The 3-D ‘G-Force’ Is A Guinea Pig To See What Could Become
August 9, 2009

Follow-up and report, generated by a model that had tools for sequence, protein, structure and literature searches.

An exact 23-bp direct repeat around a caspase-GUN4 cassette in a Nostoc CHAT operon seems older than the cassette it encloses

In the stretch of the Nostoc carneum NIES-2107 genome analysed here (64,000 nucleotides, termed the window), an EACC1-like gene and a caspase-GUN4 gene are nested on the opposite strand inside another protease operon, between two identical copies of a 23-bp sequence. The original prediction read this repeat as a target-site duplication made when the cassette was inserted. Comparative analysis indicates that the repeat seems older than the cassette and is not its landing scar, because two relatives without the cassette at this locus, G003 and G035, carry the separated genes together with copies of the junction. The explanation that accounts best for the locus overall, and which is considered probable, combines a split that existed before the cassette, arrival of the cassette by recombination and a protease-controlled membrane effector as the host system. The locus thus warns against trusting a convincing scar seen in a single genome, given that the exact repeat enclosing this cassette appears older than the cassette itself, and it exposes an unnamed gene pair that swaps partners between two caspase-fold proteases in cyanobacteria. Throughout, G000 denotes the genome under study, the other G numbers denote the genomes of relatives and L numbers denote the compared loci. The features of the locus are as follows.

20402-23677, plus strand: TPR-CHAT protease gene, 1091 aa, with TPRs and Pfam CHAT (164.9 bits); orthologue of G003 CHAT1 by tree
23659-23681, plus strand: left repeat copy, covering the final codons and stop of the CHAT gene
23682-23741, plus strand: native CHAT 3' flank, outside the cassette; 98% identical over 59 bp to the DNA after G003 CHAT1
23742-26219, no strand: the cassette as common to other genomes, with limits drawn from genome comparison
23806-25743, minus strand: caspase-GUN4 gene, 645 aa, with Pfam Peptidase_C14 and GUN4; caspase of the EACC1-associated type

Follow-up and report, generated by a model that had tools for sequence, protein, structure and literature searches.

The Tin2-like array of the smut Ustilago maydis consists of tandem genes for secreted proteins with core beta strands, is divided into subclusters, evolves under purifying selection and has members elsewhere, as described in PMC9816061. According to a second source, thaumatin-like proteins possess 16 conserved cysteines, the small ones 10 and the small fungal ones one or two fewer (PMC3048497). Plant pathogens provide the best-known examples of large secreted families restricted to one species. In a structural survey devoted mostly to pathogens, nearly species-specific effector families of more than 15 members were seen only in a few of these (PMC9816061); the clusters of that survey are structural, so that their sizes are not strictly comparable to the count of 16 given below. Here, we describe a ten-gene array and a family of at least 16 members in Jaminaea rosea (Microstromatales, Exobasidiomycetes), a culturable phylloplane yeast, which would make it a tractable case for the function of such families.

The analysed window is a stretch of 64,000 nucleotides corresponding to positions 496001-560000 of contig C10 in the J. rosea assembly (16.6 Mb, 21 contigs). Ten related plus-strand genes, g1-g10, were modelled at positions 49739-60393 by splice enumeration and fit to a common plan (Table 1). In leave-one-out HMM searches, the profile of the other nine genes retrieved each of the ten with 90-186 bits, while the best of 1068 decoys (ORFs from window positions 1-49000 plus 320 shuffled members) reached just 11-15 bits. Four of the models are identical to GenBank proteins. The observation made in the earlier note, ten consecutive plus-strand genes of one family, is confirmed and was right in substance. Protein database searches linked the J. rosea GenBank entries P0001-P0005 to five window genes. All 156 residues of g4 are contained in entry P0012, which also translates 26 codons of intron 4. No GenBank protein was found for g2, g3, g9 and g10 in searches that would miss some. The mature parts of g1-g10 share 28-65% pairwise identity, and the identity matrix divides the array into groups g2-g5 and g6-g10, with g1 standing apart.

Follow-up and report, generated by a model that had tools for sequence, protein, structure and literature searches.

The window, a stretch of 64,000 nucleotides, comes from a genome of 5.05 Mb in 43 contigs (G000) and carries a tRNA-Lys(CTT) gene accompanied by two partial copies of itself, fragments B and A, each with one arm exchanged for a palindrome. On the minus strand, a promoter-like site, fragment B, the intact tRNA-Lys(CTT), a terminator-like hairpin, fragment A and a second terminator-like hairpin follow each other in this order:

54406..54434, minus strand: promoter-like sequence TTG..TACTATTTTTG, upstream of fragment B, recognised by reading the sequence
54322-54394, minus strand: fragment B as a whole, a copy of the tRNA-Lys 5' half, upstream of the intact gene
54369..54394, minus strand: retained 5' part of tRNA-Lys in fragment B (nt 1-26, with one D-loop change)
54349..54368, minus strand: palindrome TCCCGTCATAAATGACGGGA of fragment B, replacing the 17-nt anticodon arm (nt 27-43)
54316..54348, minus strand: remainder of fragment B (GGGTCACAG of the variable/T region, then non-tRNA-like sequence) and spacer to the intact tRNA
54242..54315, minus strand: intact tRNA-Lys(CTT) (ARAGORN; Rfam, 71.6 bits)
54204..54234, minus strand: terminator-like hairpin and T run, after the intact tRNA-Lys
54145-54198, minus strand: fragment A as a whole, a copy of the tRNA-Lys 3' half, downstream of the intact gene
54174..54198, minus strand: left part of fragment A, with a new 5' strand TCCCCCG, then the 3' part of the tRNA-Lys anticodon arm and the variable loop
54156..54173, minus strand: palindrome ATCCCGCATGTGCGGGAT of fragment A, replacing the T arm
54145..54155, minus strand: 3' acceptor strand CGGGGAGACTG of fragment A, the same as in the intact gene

To parents and kids, “G-Force” is merely a poorly reviewed 3-D movie where sassy guinea pigs toil as U.S.-trained soldiers, battling against waffle irons and ordinary appliances that have come to evil life. To me, “G-Force” is a mildly fun video game based on that movie — and the game’s technology is a step in a bold direction for the video game world at large. That’s because “G-Force” comes with 3-D glasses so you can play the game either in flat 2-D or broader 3-D. It’s. About. Time. Real 3-D is something games never offer, but should. Why can’t I play “Call of Duty” in 3-D, seeing bullets whiz at my face from enemy soldiers. How cool would that be? In fact, I hereby challenge third-party game companies around the world to take 3-D to the next level: To invent and sell a peripheral which translates any video game into a holographic chess board hovering over your living room floor. Sound crazy? It ain’t. It should be relatively easy to create a holographic device compatible with games, because games are already drawn and programmed so that characters and settings (battlefields, houses, etc.) are rendered internally as 360-degree models inside your Xbox 360 and PS 3. The big obstacle might be retail cost, since such a device would require expensive visual display points to work. But the way the business world spins, a holographic add-on would be expensive at first, then cheaper as supplies became produced in bulk. OK, so there’s my soapbox. On with the game: It’s better than expected, but I’m not sure there’s much replay value in it. In “G-Force,” you play as a guinea pig who has weapons strapped all over his little body. You use a laser gun to shoot things; a laser whip to whip things (it’s like a rubbery light saber); and a jetpack to reach vents. You need these weapons, because the world has come alive with evil anthropomorphic appliances. A blender sprouts legs and tries to blend you to death. Alarm clocks hover in the air and fire electricity, as if they were in “War of the Worlds.” Paper shredders — stay away from them. Sometimes, the anthropomorphic villains don’t make sense. You’ll find yourself as the guinea pig crawling through an air conditioning vent, where a waffle iron is waiting to bite at you. What’s a waffle iron doing hanging out in a vent? But “G-Force” creates a surprisingly creative array of weapons, villains and puzzles. I say “surprising” because movie games usually stink, and this movie in question is a product of, ohhh, Jerry Bruckheimer. The only problems: Place settings are stale (you travel through metallic government offices); you can wrap this game up in a moderate number of hours; the 3-D images look blurry sometimes; and like I said, I’m not sure how much replay you’re getting for your dollar. However, it’s a fine little game, which is itself a guinea pig to see how 3-D can fly us into a future where much more is possible. (“G-Force” by Disney retails for $50 for Wii, PS 3 and Xbox 360; $30 for PS 2, PSP and DS — Plays mildly fun, more so in 3-D. Looks good. Moderately challenging. Rated “E 10+” for fantasy violence. Three stars out of four.) Doug Elfman is an award-winning entertainment columnist who lives in Las Vegas. He blogs at www.lvrj.com/columnists/Doug_Elfman.html. NEW TO YOU — USED GAME OF THE WEEK If you’re a fan of horror-shooting games, you may want to check out “F.E.A.R. 2: Project Origin” (Warner Bros. Interactive), if you haven’t already. It’s a fantastically drawn adventure that promises startling jumps and top-notch shooting. The plot revolves around a supernatural villain woman (a kind of super-maxed version of females from Stephen King’s “Firestarter” and the movie “The Ring”). She has extraordinary psychic abilities to set fires, cause mass-weapon chaos and appear where she wants at will. You play as a soldier, running about an apocalyptically challenged cityscape with other soldiers. Glog-humans leap at you, shoot at you, and hide from your guns. The storyline can be shallow, but the ending does deliver a wacky yet intense ending where the naked supernatural woman … well, I can’t give that away. The online multiplayer was OK, but I tired of it in short order. Now the February release is selling in used-game stores for around $18, a good price for a three-and-a-half star adventure. It’s available for Xbox 360, PS 3 and PC. It’s rated “M” for blood, gore, intense violence, partial nudity, sexual themes and strong language. (Ratings: “E” for “Everyone;” “T” for “Teen;” “M” for “Mature 17+”) NEW AND COMING SOON “Wolfenstein” (Activision) gets back in the business of killing Nazis like crazy, and I mean crraaazy. This time out, the “Wolfenstein” series sets you down in a parallel dimension where Nazis are trying to capture power from a Black Sun to develop a weapon of mass destruction. You must stop the Nazis. Lucky for you, in this first-person shooter, you not only fire thousands of bullet holes into history’s greatest villains. You also pick up upgradeable, futuristic weapons (like a particle cannon) that sort of vaporize Nazis, kind of freeze them, and set them on fire, and so forth. Nazis don’t need love. They need death. This supernatural addition to the “Wolfenstein” franchise includes a power you can tap into, where you can see through walls and other obstacles, and slow down time so you can get a better head shot on fleet-footed Nazis. I haven’t preview-played the game yet. I’ve only seen videos. From that, I can report so far, only, that it looks super-duper violent, highly stylized and a shooting bonanza. Online, there are eight battle maps and three multiplayer modes (team deathmatch, team objective, and speed-team objective). The Aug. 18 release retails for $60 for Xbox 360 and PS 3; $50 for PC. It’s rated “M” for blood, gore, intense violence and language. “Paws & Claws: Pet Vet” (THQ) lets you run a pet clinic, which sounds innocent enough, as this simulator for kids and families mostly deals with garden variety issues, though what if the animals need help with illnesses? You help dogs, cats, horses, guinea pigs, birds and other animals who need pampering, cuddling, TLC and rabbit-hopping training. You also keep your kennel in order and expand it as a business. “Pet Vet” has already been available for PC and DS (for $20), as well as some phone carriers. The Aug. 18 release retails for $30 for Wii. It’s rated “E.” — DOUG ELFMAN (Ratings: “E” for “Everyone;” “T” for “Teen;” “M” for “Mature 17+”) TOP 10 RENTAL GAMES Here are the Top 10 best-renting video games, according to Blockbuster. Games are listed by title, company, the gaming system, and rating from the Entertainment Software Rating Board. 1. “Transformers: Revenge of the Fallen” (Activision) for Xbox 360; also available for Wii, PS 3, PSP, PS 2, PC and DS; rated “T” (fantasy violence) 2. “NCAA Football ‘10” (EA) for Xbox 360; also available for PS 3, PS 2, PSP; rated “E” 3. “UFC 2009 Undisputed” (THQ) for Xbox 360; also available for PS3; rated “T” (alcohol reference, blood, language, mild suggestive themes, violence) 4. “Fight Night Round 4” by EA for Xbox 360; also available for PS 3; rated “T” (mild blood, mild lyrics, suggestive themes and violence) 5. “Call of Duty: World at War” (Activision) for Xbox 360; also available for PS 3, Wii, PS 2, DS; rated “M” (blood, gore, intense violence, strong language) 6. “Resident Evil 5” (Capcom) for Xbox 360; also available for PS 3; rated “M” (blood, gore, intense violence, strong language) 7. “Prototype” (Activision) for Xbox 360; also available for PS 3; rated “M” (blood, gore, intense violence, strong language) 8. “Red Faction Guerrilla” (THQ) for Xbox 360; also available for PS 3; rated “M” (blood, strong language, violence) 9. “Fallout 3” (Bethesda) for Xbox 360; also available for PS 3; rated “M” (blood, gore, intense violence, sexual themes, strong language, use of drugs) 10. “NCAA Football ‘10” for PS 3 (Ratings: “E” for “Everyone”; “T” for “Teen”; “M” for “Mature 17+”) CAPSULE REVIEWS Four-star scale ADULT GAMES “Leisure Suit Larry: Magna cum Laude” for Xbox, PS 2 — The goal is to make your character get college women drunk and in bed. Plays fine, if a little slow at times. Looks good. Moderately challenging. Rated “M”. Three stars. “Playboy: The Mansion” for Xbox, PS 2 — Live the mogul, sexy life of Hugh Hefner in his home. Plays entertaining, if tedious. Looks good. Easy to moderately challenging. Rated “M”. Two and one-half stars. CHILDREN’S GAMES “Coraline” by DP3 for Wii, PS 2 and DS — This game is the very definition of a terrible game. Based on a movie (problem No. 1), it is a short game I finished in four hours because it hews so closely to the film, but looks much worse, moves slow, doesn’t allow you to even jump or run across some grass, even though the only setting in the game is a house. It forces you to play dumb games like “Go Fish,” or to use a slingshot to shoot at apples while ominous music plays. Eww, scary. One of the worst movie games ever, quite a feat. Plays as un-fun as un-fun can be. Looks shoddy. Very easy. Rated “E 10+.” Zero stars. “Dance Dance Revolution Extreme” for PS 2 — Dance fast on a mat, and hook up to an EyeToy to dance with your hands. Plays frustrating if you don’t have a big, expensive mat. Looks good. Very challenging. Rated “E”. Two stars. “Donkey Konga” for GCube — Get the $50 version, which comes with bongos that register your pounding hands as well as clapping. Great for beginning percussionists. Plays addictive. Looks OK. Challenging. Rated “E”. Four stars. “Katamari Demacy” for PS 2 — Play as a space alien on Earth, rolling magnet-type ball over cats and cars and turning them into stars. Plays very creative and rather addicting. Looks bizarre. Moderately challenging. Rated “E”. Three stars. “Madagascar” for Xbox, PS 2, GCube and PC — Plays fun. Looks good. Easy to moderately challenging. Rated “E 10+”. Three and one-half stars. “Metroid Prime 2: Echoes” for GCube — Very similar to the first “Metroid Prime,” play as a female space soldier who destroys creatures on a rogue planet. Plays fun. Looks good. Moderately challenging. Rated “T”. Three stars. “Monsters vs. Aliens” by Activision for Wii, PS 3, Xbox 360, PS 2 and DS — Based on a 3-D computer animated film of the same name, this game (not a 3-D glasses experience) lets you play as the three main characters, a towering woman, a punching brute and a blob that moves like a mop. Essentially, you Rollerblade, punch crates and things, and move along a pre-set path, sort of like a glorified “Crash Bandicoot” for the 21st century. Plays dull for an adult, maybe just fine for young kids. Looks good. Easy. Rated “E 10+.” One and one-half star. “Oddworld: Stranger’s Wrath” for Xbox — Travel across a weird world and beat up cute but dangerous characters. Plays cute but too complex. Looks great. Challenging. Rated “T”. Two stars. “Over the Hedge” for Xbox, PS 2, GCube — Based on the animated movie, play as a skunk and other animals frolicking in people’s backyards. Plays cute and fun. Looks good. Easy. Rated “E 10+”. Three stars. “Patapon” for PSP — An extremely creative adventure, you play as a god, directing warriors who look like circles into battles, armed with hatchets, arrows, spears and magic. To make warriors move, you touch buttons as if they’re drums, keeping rhythm to music that sounds like the old indie-pop band Tom Tom Club. The music can get annoying sometimes, but “Patapon” is addictive. Plays very fun. Looks cool. Begins easy, becomes challenging. Rated “E”. Four stars. “Pikmin 2” for GCube — One of the cutest, most creative games I have ever played. Pikmin grow out of the ground, like carrots, but they have legs and a brain. Make them work for you. Plays fun. Looks fantastic. Moderately challenging. Rated “E”. Four stars. “Psychonauts” for Xbox, PS2 and PC — Plays sort of fun. Looks good. Moderately challenging. Rated “T”. Three stars. “Space Chimps” by Brash Entertainment for Wii, Xbox 360, PS 2 and DS — Based on a summer animation, “Chimps” is a basic double-jumping side-scroller where you jump across rocks, climb rocks, run across walls and other basic adventures. Plays fun if you’re new to childlike, 2-D platform games. Looks very good. Rated “E 10+” for animated blood, crude humor, language, mild fantasy violence. Two and one-half stars. “Wallace & Gromit: The Curse of the Were-Rabbit” for Xbox, PS 2 — One of the best kid’s games ever is also fun for adults. Vacuum and herd rabbits and other little creatures safely away from the British gardens they’re destroying in cute and wondrous land based on the “Wallace & Gromit” stop-motion animated movie. Plays as great fun. Looks awesome. Moderately challenging. Rated “E”. Four stars. NINTENDO DS GAMES “Animal Crossing” is a cult classic. Play as a little creature in a cute forest or seaside, or whatever you want to create, where you design clothes, decorate your house and other stuff. Plays like a simulation game. Looks OK. Easy. Rated “E”. One and one-half stars. “Big Brain Academy” for DS — Solve math quizzes, memorizes sound bites and symbols, and use your brain to analyze puzzles. Plays fun. Looks fine for a puzzle game. Challenging. Rated “E”. Three stars. “Brain Age: Train Your Brain in Minutes a Day” for Nintendo DS — This is a collection of math and word puzzles, including sudoku puzzles. Plays entertaining, if you like brain teasers. Looks OK. Moderately challenging. Rated “E”. Three stars. “Brain Age 2: More Training in Minutes a Day!” — This sequel tests how fast you complete more math and logic puzzles, plus offers sudokus. Plays addictive. Looks fine. Very challenging. Rated “E”. Four stars. “Castlevania: Dawn of Sorrow” makes you stab vampire cult followers. Plays boring and repetitive. Looks poor. Moderately challenging. Rated “T”. One star. “Clubhouse Games” — Lots of entertainment is to be had here, with 40 games ranging from non-Vegas poker to backgammon, chess, solitaire, Mahjong solitaire, darts, hearts, rummy and old maid. Plays fun. Looks fine. Easy to challenging. Rated “E”. Four stars. “Death, Jr. and the Science Fair of Doom” stars Death Jr. (son of Death) saving his friends from death in a cute, comic-horror adventure set in a school. Plays somewhat fun but too repetitive. Looks cute. Moderately hard. Rated “E 10+”. Two and one-half stars. “Eco-Creatures: Save the Forest” by Majesco for DS — Play as a bear-like wizard. You activate squirrel-esque creatures that battle evil robots and other silly villains that are trying to destroy your tiny-looking cartoon forest and your tree house. Plays too slight for adult fun, but may entertain very young kids. Looks rudimentary. Moderately challenging. Rated “E” for mild cartoon violence, mild language. One star out of four. “Electroplankton” for Nintendo DS — Make fish and sea water bubbles play rhythmic musical loops in 10 levels. Plays cool, but too short for long-term gaming. Looks pretty. Easy. Rated E”. Two stars. “Feel The Magic: XY/XX” is a mature dating game for the DS, you seduce a girl with bizarre but imaginative dating rituals. Plays fun. Looks great in a retro-‘70s surfer-art look. Challenging. Rated “T”. Four stars. “Frogger” is like old “Frogger,” but not as much fun. Plays blah. Looks poor. Moderately challenging. Rated “E”. One and one-half stars. “GoldenEye: Rogue Agent” makes you walk through halls, point a gun and shoot bad guys, but the shooting method is messy. Plays average. Looks OK. Challenging. Rated “T”. Two stars. “Harry Potter and the Goblet of Fire” is good enough for a handheld game. You play as one of the main three kids from the books and movies, as the trio treks on an adventure through the great and scary outdoors. Plays fun. Looks OK. Challenging. Rated “E”. Three stars. “Kim Possible: Kimmunicator” is surprisingly charming for an old-time sort of game that makes you move from left to right, and punch and kick. It feels repetitive too often, though. Plays mostly fun. Looks good. Challenging. Rated “E”. Three stars. “Konami Classics Series: Arcade Hits” resurrects a handful of old 1980s hits, like “Contra” and “Track and Field”. Plays fun, but games are too brief. Looks rudimentary. Moderately hard. Rated “E 10+”. Two and one-half stars. “Madden 2005” looks and plays like “Madden” did about five years ago. Plays OK. Looks mediocre. Easy. Rated “E”. Two stars. “Magnetica” for Nintendo DS — Shoot marbles at other marbles to make them disappear, or they pile up and end your game. It’s a puzzle game. Plays entertaining but can be frustratingly difficult. Looks OK. Very challenging. Rated “E”. Two and one-half stars. “Mario Kart DS” should be more enticing than this racing game is. Plays OK. Looks OK. Easy to challenging. Rated “E”. Two stars. “Mario Pinball Land” is a great pinball game that lasts, and has detailed locales. Plays very addictive. Looks good. Moderately challenging. Rated “E”. Four stars. “Metroid Prime Pinball” is a good game for pinball lovers, though maybe not for others. Plays fun. Looks OK. Easy to challenging. Rated “E”. Two and one-half stars. “Narnia: The Lion, The Witch and The Wardrobe” is quite the bizarre little game. The dialogue is painful, but the action is not horrible. Plays dull sometimes, and plays addictive sometimes. Looks OK. Moderately challenging. Rated “E 10+”. Two stars. “Need For Speed Underground 2” is a rudimentary racing game. Plays weak. Looks below-average. Challenging. Rated “E”. One and one-half stars. “Nervous Brickdown” — It’s not just a rip-off of “Breakout”. It reimagines “Breakout” as a more interactive and artistic game that is quite impressive in cute game play and creativity. Plays fun and cool. Looks great. Challenging. Rated “E”. Three and one-half stars. “The New York Times Crossword” offers 1,000 interactive crosswords for diehards and lovers of wordplay. Plays addictive. Looks fine. Challenging. Rated “T”. Three and one-half stars. “Nintendogs” is an electronic-pet game plays more like a dog-owning simulation, with long stretches of ear-scratching, than a game. Thus, it’s recommended only for lovers of electronic-pet simulations. Looks OK. Easy. Rated “E”. Three stars. “Picross DS” — A bizarre math game, you use logic to figure out how to fill in giant blocks of squares, which look kind of like “Battleship” maps. Plays intriguing if you’re a math dork. Looks workaday. Easy to challenging. Rated “E”. Three stars. “Pogo Island” offers a series of mini brain games in the vein of “Tetris,” solitaire and anagram puzzles. Plays addictive. Looks cute. Moderately hard. Rated “E”. Three and one-half stars. “Ridge Racer DS” is a mediocre racing game. Plays OK, but not great. Looks weak. Challenging. Rated “E”. Two stars. “Spider-Man 2” has the gamer jump, punch and swing through platforms and city buildings; desperately lacking a good map. Plays fun when not frustrating. Looks good. Challenging. Rated “E”. Two and one-half stars. “Sprung” is dating game with funny dialogue, “Sprung” bogs down in a marathon of memorization games. Plays half-fun. Looks fine. Moderately challenging. Rated “T”. Two stars out of two. “Super Mario 64 DS” is a signature game for DS, this stars Nintendo characters from yesteryear. Plays very fun. Looks magnificent. Moderately challenging. Rated “E”. Four stars. “Tetris DS” for Nintendo DS — Like other “Tetris” games, you rearrange puzzle pieces until they either magically disappear or stack up and make you lose. Plays addictive, if you like “Tetris” games. Looks OK. Moderately challenging. Rated “E”. Three stars. “The Urbz: Sims in the City” could have been less work and more fun if we weren’t always searching for food, water, a toilet, a bed and a TV. Plays fun, when not toilet obsessed. Looks good. Easy. Rated “E”. Three stars. “Tony Hawk’s American Sk8land” has the same fun feel of “Tony Hawk” games for PS 2 and Xbox. This DS version may not have the same high level of graphics, but it settles for a cartoon look and addictive good times on a skateboard that turns just like the Xbox version. Plays fun. Looks good. Challending. Rated “E”. Three stars. “Top Spin 2” comes to the DS, but the tennis title moves sluggishly, though it looks pretty good for a DS game. Plays almost-fun not quite. Looks OK. Easy. Rated “E”. One and one-half stars. “Viewtiful Joe: Double Trouble” is a great-looking cartoon game packed with punches, kicks and a campy storyline about a real action hero (you) rescuing a movie land based on an action hero. Plays fun. Looks great. Challenging. Rated “T”. Three and one-half stars. “Yoshi Touch & Go” is a naïve but creative game for kids. Plays fun as a kids’ game. Looks adequate. Easy to moderately challenging. Rated “E”. Two and one-half stars. NINTENDO WII “Big Brain Academy: Wii Degree” for Wii — Test your IQ (or officially, your brain size) by sorting through teasers, math puzzles and other school-like quizzes. Plays like a fairly entertaining school test. Looks OK. Challenging. Rated “E”. Three stars. “Big League Sports” by Activision for Wii — The football, tennis and other mini-games in “Big League” are lame, slow, cartoon, cardboard cutout versions of sports. Plays slow, too simple and boring. Looks poor. Moderately easy. Rated “E.” One-half star. “Call of Duty 3” — A fantastic shooting game for other systems doesn’t play as well on the interactive Wii. It’s hard to point and shoot. And you can’t play it online. Plays mildly fun. Looks good. Challenging. Rated “T”. Two stars. “Donkey Kong Jungle Beat” for Wii — You run through jungles, up mountain faces and down ravines, collecting bananas for energy and punching meanies a lot, in this side-scrolling action-adventure that is more entertainingly than it should be, because it’s dumb. Plays very fun. Looks good. Moderately challenging. Rated “E 10+.” Four stars. “Elebits” for Wii — Use a sort of spirit gun to shoot thousands of little Gremlin-like creatures that sleep around your house. Strange, yes, but interesting. Plays fun but repetitive. Looks good. Easy to moderately difficult. Rated “E” for cartoon violence. Two and one-half stars out of four. “Excitebots: Trick Racing” by Nintendo for Wii — You drive through jungles and across sandy plains in cars and trucks shaped like frogs, mantises and other creatures, in a zippy racer that makes you do side challenges, like throwing darts out of your car at dartboards. Comes with player-vs.-player. Plays just fun enough. Looks fair. Moderately challenging. Rated “E.” Three stars. “The Grim Adventures of Billy & Mandy” for Wii — A basic fighting game that’s sort of tough to keep control of your fighting moves. Plays mildly fun in multiplayer mode only. Looks poor. Easy to moderately difficult. Rated “E 10+” for cartoon violence and crude humor. One star. “Klonoa” by Namco for Wii — In this side-scroller, you portray a cartoon kid who runs across lands, up and down platforms, picking up round villains and throwing them at other round villains, while taking on big bosses along the way. It’s an adventure with terrible dialogue and horrible sound effects, but it’s pleasurable for its smooth action and creative game play. Plays fun. Looks good. Easy to moderately challenging. Rated “E 10+.” Three stars. “Kororinpa: Marble Mania” for Nintendo Wii — Essentially, it’s a play off of old “Marble Madness” games. You roll a marble, or a round panda or some other round creature, along mazes made of wood and candy; it tests your ability to keep up with physics, since the mazes flip around like M.C. Escher illustrations. Plays fun. Looks good. Easy to very difficult. Rated “E”. Three stars. “Lara Croft: Tomb Raider Anniversary” — Based on the original “Tomb Raider” game, but updated, you jump, shimmy and swim your way through caves, tombs and ancient cities. Plays very fun. Looks great. Challenging. Rated “T”. Four stars. “Marble Saga Kororinpa” by Konami for Wii — This is like every marble game ever created, which means it’s good if you like marble games. You tilt a board around, to make a marble roll around boards, tubes and other terrains governed by the laws of physics, then you try to make the ball drop into a hole. Plays as fun as a marble game could be: fairly well but not great. Looks good enough. Challenging. Rated “E.” Two stars. “Mario Party 8” for Wii — It’s most fun if you’re playing against other gamers. But the series of cutesy mini-games take too long to load, and it unfairly rewards players who are losing merely to make the game tighter. Plays average. Looks OK. Easy. Rated “E”. Two stars. “Mario Power Tennis” by Nintendo for Wii — It looks like tennis, but with the squat characters of Mario’s world. This is not a tennis simulator, but a cartoon-ish tennis with mini-games that include childlike craziness. Plays rather flat, despite appearing cute. Looks pretty good. Moderately easy. Rated “E.” Two stars. “Medal of Honor: Heroes 2” — Use the interactive gun to shoot Nazis in more World War II battles, in solo missions and in online multiplayers. Plays fun, if routine. Looks great. Challenging. Rated “T”. “Rayman Raving Rabbids” — A minor masterpiece. You play dozens of mini-games based on Whack-a-Mole and shooting galleries, among other arcade and classic games. It’s rare, too, in that it’s funny. Plays as fun as games get. Looks great. Quite challenging. Rated “E”. Four stars. “Red Steel” – A Japanese sword fighter. It’s fairly easy to use the wireless wand to point guns and swords, but the sword play is lackluster. Plays mildly fun. Looks pretty good. Challenging. Rated “T”. Two stars. “Resident Evil 4” — One of the very best games of all-time, you trek through scary horror towns full of evil farmers, kill them and try to save a girl from religious cultists. Plays very fun. Looks great. Very challenging. Rated “M”. Four stars. “Resident Evil: The Umbrella Chronicles” — Basically, this is a shooting-gallery arcade game, where zombies pop up and you blast them over and over. Plays rote. Looks very good. Challenging. Rated “M”. Two and a half stars.) “Sonic and the Secret Rings” for Wii — Like any “Sonic” game, you run fast, collect gold rings and battle villains. Plays fun if you like “Sonic” games. Looks good. Easy to moderately difficult. Rated “E” for cartoon violence. Three stars. “SpongeBob SquarePants: Creature from the Krusty Krab” — An inventive game that may be best for kids. You run, jump and shoot things. Plays fun, kid-friendly. Looks OK. Easy. Rated “E”. Three stars. “Super Mario Galaxy” retails for $50 for Wii — One of the best kids’ games of 2007 sends Mario shooting through space, landing on planets that look like big globes; you run around and under the globes, instead of the camera always straightening out the visual perspective; it’s cool and kind of wondrous. Plays fun. Looks very good. Easy to moderately challenging. Rated “E” for mild cartoon violence. Four stars. “Super Paper Mario” creatively lets you play as Mario and pals in both two-dimensional and three-dimensional settings, during a fine artistic adventure to save the world and rescue Princess Peach, again. Plays fun, fairly addictive. Looks good. Challenging. Rated “E”. Three and one-half stars. “Tiger Woods PGA Tour ’07” for Wii – Use the Wii remote as a golf club, but only if you’re prepared to struggle with getting your swing down. Plays confusing. Looks fine. Difficult. Rated “E”. Two stars. “Tony Hawk’s Downhill Jam” — Plays fun. Looks pretty good. Challenging. Rated “E 10+” (mild violence, comic mischief, mild language). Three stars. “WarioWare: Smooth Moves” for Wii — A good party game where you take on a series of short, mini-games, such as balancing a broom on your hand. Perfect for the Wii. Plays very fun in multiplayer mode, and fun alone. Looks good. Easy. Rated “E 10+” for crude humor and mild cartoon violence. Three and one-half stars. “Wii Play” for Wii – A collection of mini-games, like billiards, spot-the-lookalikes, and a “Duck Hunt”-esque game. Largely, it plays fun only if you’re competing against other gamers. Looks OK. Easy to moderately difficult. Two and one-half stars. “WWE SmackDown! vs. Raw 2008” — The standard bearer of wrestling games, you punch, kick and pile-drive opponents into the mat. Plays fun. Looks good. Challenging. Rated “T” for blood, mild language, suggestive themes, violence. Three stars. GAME SYSTEMS Microsoft Xbox 360 — The new standard in gaming through 2006, this system costing up to $400 plays games in high-definition, plays DVDs, and depending on the bundle you buy it comes with a wireless remote control. Games can be played online through Xbox Live. Four stars. Microsoft Xbox — Once the next-best video game system on the market, the Xbox runs about $150 and usually comes with a controller or two, and maybe a game or two. Dozens of great games are available, and so are quite a few masterpieces, like “Red Dead Revolver” and “Madden” football games. A $20 adapter will let you watch DVDs on it. And if you have cable Internet, you can play against people online. But new games are getting phased out for it, so beware. Four stars. Nintendo DS and DS Lite — The best handheld game system for kids of parents who don’t like violent graphics, the DS has good-looking games, one regular screen and a touch screen. Four stars. Nintendo DSi — This update to the DS Lite comes with two cameras, one on each side of the machine; an SD slot for storing music and photos; and downloadable games. Plays fun. Looks good enough. Easy to challenging games. Rating N/A. Four stars. Nintendo Game Boy Advance — The GBA used to be great, but compared to the DS, the GBA’s $50 price seems steep. Games just look too dinky on it. One star. Nintendo GameCube — The GCube really packs punch for a system that uses a tiny mini-disc to store games on. At times, it seems faster and cooler than the PS 2. This $100 system is certainly the best choice for paranoid parents, since dozens of fun titles for kids are available. But I like having it as a secondary system. It’s getting harder to find new games for it, with the Nintendo Wii out. Three and one-half stars. Nintendo Wii — A revolutionary gaming system that tests very well with women, because games are interactive and more physically playful than games for other systems. It’s also a great choice for kids of violence-paranoid parents, since kids games are rolling out for it quickly. It retails for $250. Instead of using a regular hand controller, a wireless wand and a wireless “nunchuk” let you control game characters by moving your hands around in the air. Genius. Four stars. Sony PlayStation 2 — The PS 2 was great when it came out years ago. But since the Xbox hit the market in 2001, the PS 2 seems weak and slow. It retails for $150 when it shouldn’t. But people keep buying it, because it’s a brand name they know. It’s not bad, it’s just not the Xbox. A $20 adapter lets you watch DVDs on it. Only the newest, smallest PS 2’s let you play games online using cable Internet. Three stars. Sony PlayStation 3 — The most expensive game system has the most powerful computer system in it. It can even act as your online surfer, if you have broadband cable in the house. If you have a high definition TV with HDMI capability, you can get 1080 progressive scan. If not, it won’t look better than the Xbox 360. It is comparable to the 360. But the system, debuted at the end of 2006, should have bigger, longer games within a year or two of release. Plays Blu-ray movies. Four stars. Redesigned Sony PSP retails for $170 — The lighter, newer PSP is better than older PSP (more memory, faster load times), although old PSP peripherals from Griffin and other companies don’t fit it and become obsolete. Plays fun. Looks great. Easy to very challenging games. Four stars. Sony PlayStation Portable — The PSP is a fantastic handheld game system whose games look as good as a powerful PS One, and at times like the PS 2. “Grand Theft Auto: Liberty City” and several other games are very fun. The price goes up to $250, though. Steep. Four Stars. GAME BOY ADVANCE “Charlie and the Chocolate Factory” — Just like it says in the title, you run through a chocolate factor, jumping on platforms and solving puzzles. Plays fun for a short while. Looks like an old platform game. Easy. Rated “E”. One star. “Disney’s Magical Quest 3” — Swing around a colorful world as Mickey and Donald. Plays OK now and then but seems lame. Looks OK.